AMICUS shared peaceful time today.
They sang some songs and exchanged blue wristbands as a massage of peace.
The AMICUS Peace Week Team decided to conduct a variety of activities designed to commemorate the Battle of Okinawa and promote the idea of appreciating the peace and comfortable lifestyle that we enjoy because of the sacrifice of many 70 years ago. During the week students from across the school studied about the parallel themes of the Battle of Okinawa, conflict resolution on the appreciation of peace. War is a complex notion for students to grasp, particularly lower graders, so one way AMICUS tries to apply a more practical understanding is through moral education with topics they can relate to, such as the prevention of bullying. It is important that students understand that the conflict they may sometimes see between students is a microcosm of conflicts on a macro scale, such as wars.
Moreover, as most of our student population will graduate with bilingual language ability, many of them will have the opportunity to travel, work and live overseas. This strength will also be compounded because they have studied and live in an island that provides tangible knowledge about the devastation of war and the appreciation of peace. The students have a great opportunity to use these components to become truly active and independent global citizens, which are the main goals of AMICUS.
As educators, we realize the value of cross curricular learning for students and hence we used subjects English, Japanese, Social Studies, Sophie’s time (Moral Education), Music, Information Technology to learn about peace. This proved to be truly effective as the students level of understanding of the Battle of Okinawa and value of peace increased. This was evident in the classroom discussions and work they produced over the work.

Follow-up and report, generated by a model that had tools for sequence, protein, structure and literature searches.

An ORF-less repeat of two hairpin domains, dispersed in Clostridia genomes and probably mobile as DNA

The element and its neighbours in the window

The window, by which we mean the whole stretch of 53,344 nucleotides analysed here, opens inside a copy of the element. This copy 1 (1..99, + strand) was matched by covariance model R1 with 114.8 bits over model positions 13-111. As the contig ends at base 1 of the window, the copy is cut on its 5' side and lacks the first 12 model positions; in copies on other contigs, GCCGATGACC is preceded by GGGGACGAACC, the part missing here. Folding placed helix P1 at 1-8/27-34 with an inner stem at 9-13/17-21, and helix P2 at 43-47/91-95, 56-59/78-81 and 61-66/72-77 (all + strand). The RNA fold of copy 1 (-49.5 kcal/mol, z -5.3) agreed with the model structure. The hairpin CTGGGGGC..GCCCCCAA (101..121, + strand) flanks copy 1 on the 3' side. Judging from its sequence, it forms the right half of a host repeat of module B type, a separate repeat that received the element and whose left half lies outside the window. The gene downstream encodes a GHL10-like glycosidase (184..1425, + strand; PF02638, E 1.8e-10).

One of the main projects were the ‘Peace Posters’. Each student designed a poster and wrote the answer to ‘What Peace Means To Me’. We then hung the posters in a rainbow colored chain around the media center. The activity provides an attractive visual and is an easy way for students to understand what peace means to their peers. The librarians also displayed many of the books and newspapers with content related to peace. We were fortunate enough to be able to display some ‘panels’ about the Battle of Okinawa from the museum in Itoman. These also provided students with a portal to familiarize themselves with what happened in Okinawa in 1945.
We also had a mini Peace Assembly for K-3 students to learn about and sing the Okinawan song ‘Gettou no hana’. This was a moving experience and I hope that the younger students can absorb the importance and beauty of the song.
Peace week culminated in a Peace Week assembly on Friday June 26th. This was an opportunity to gather all students in the gym and review what they have learnt: commemorate the Battle of Okinawa and appreciate the peace we have. We decided to bookend the gathering with a song from the Okinawan band ‘Sango’ titled ‘Inochi no relay’. This song was chosen because it depicts exactly the ‘appreciate peace’ theme we are trying to convey to students. After watching an emotional animation that reflects the lyrics to the song, students (and foreign teachers who can’t understand Japanese) could gain a clear understanding of the song’s meaning.
All students sang the song ‘Hanamizuki’, which also ran in accordance with our studies.
Next, students and all AMICUS staff participated in a ‘Peace Wrist Band Exchange’, whereby we all exchanged blue wristbands with a message of peace for our selected partners. The symbolism and positivity of this activity was very powerful and put a smile on everyone’s face.
We finished the assembly with a wonderful rendition of ‘Inochi no relay’ by three of our Junior High School students who were chosen from a field of ten applicants who wanted to perform the song. They did a marvelous job and it capped a very successful Peace Week.